Once these objectives are defined the business must consider how its Net Zero plan will be funded. For many companies, unfortunately, it’s not as simple as dipping into the cash reserve, and it’s highly likely that some of the activities or projects undertaken on the path to Net Zero will provide little-to-no financial return, particularly when looking at decarbonising the supply chain, which can often eat into profit margins. On the other hand, some projects can provide an attractive ROI and save you a lot of money in the long run, such as energy consumption reducing projects like voltage optimisation.

The easiest way to fund a Net Zero strategy is through a phased approach, and this could include many different funding options for the differing projects that make up the strategy as a whole. For example, a switch to renewable energy could simply involve purchasing energy from a 100% renewable energy provider. Or, if your business has the space available, you may consider purchasing your own on-site generation through solar PV and wind turbines with capital expenditure, with an acceptable payback period from the reduced costs of energy ultimately paying for the project.

Alternatively, your business could reap the benefits of various funding solutions, such as revenue sharing agreements or power purchase agreements (PPAs) to reduce or eliminate upfront capital cost on applicable projects.

With so many funding options available, it’s important that businesses do their research to find the right solutions for them, enabling them to achieve their Net Zero goals on-time, and in an affordable manner.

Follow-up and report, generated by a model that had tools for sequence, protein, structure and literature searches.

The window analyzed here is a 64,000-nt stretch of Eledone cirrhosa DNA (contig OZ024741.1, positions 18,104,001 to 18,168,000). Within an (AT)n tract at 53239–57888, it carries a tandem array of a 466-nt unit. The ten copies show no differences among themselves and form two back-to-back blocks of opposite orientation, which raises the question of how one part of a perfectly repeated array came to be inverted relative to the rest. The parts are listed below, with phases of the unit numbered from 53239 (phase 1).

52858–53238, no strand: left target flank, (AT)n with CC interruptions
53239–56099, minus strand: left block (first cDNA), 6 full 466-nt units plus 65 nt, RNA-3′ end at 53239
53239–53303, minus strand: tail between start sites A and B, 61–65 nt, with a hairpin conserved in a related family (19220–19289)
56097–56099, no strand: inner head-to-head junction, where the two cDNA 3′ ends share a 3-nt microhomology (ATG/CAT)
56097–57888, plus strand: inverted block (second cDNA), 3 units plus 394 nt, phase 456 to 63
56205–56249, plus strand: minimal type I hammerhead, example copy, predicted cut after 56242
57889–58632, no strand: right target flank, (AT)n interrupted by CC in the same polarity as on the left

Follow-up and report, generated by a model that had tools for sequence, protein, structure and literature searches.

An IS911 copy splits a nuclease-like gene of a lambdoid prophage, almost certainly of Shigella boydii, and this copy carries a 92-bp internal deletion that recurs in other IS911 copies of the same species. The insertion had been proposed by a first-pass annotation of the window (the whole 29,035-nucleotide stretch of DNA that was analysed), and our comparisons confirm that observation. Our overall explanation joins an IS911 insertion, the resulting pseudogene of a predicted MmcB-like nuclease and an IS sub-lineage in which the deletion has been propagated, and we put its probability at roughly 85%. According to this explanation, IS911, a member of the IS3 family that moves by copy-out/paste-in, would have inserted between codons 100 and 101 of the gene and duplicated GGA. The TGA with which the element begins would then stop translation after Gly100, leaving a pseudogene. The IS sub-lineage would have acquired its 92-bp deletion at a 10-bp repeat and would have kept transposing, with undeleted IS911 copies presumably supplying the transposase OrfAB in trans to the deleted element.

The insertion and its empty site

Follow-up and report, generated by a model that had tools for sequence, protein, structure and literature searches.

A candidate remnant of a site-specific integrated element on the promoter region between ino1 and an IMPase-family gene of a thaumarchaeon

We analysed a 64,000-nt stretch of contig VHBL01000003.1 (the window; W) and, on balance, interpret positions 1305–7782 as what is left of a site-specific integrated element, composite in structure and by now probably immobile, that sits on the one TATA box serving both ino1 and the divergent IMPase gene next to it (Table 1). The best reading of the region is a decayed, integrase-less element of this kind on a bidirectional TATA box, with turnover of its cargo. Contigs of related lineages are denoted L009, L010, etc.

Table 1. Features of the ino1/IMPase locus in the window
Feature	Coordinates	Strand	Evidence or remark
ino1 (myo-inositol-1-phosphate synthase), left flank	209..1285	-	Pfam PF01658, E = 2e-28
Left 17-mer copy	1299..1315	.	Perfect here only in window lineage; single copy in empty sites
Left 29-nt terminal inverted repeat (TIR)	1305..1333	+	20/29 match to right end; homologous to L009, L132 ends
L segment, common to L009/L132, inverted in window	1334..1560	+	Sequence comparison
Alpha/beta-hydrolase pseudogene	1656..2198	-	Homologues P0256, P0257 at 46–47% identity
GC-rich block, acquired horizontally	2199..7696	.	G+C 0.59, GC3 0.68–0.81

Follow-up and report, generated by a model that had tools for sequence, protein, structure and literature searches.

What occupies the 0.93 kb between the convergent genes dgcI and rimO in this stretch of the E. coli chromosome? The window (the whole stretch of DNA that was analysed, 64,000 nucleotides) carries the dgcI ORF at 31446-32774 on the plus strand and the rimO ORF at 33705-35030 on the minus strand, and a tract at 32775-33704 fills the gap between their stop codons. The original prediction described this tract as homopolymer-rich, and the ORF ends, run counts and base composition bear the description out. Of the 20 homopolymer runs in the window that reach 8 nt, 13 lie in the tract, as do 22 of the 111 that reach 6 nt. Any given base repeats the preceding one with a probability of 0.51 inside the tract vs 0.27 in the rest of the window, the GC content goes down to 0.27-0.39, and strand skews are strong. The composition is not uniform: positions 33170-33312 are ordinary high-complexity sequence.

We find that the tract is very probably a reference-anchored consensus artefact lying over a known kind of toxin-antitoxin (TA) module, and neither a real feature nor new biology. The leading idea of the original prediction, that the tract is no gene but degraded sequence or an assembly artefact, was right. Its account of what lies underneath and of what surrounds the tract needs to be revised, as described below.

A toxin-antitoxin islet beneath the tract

From Talking the Talk, to Walking the Walk

Once a Net Zero strategy and funding plan are in place, businesses must stick to it. This will often be a long, phased approach entailing various significant changes to the business’s operations along the way.

Additionally, for a full Net Zero strategy to be successful, stakeholder and employee buy-in is required to ensure new processes are followed and championed throughout the business. This could mean a complete shift in the company’s culture and will take some time, but without it, achieving Net Zero will be considerably more difficult.

Starting the Journey to Net Zero Carbon

If your business, like many others, is concerned with being overwhelmed by the task of reaching Net Zero, Powerstar can help your business plan its journey. If lack of expertise is holding your plans back, our energy industry experts and R&D focused culture means we can assist in the planning of a long-term strategy to reduce carbon substantially.

Alternatively, if your business is already implementing a strategy, we can assist in accelerating those plans with our innovative, bespoke smart energy technologies, including our VIRTUE battery energy storage and comprehensive Energy Optimisation System (EOS) to ensure you have maximum control over your energy and associated assets.

Contact us to learn how we can help you achieve your net zero carbon goals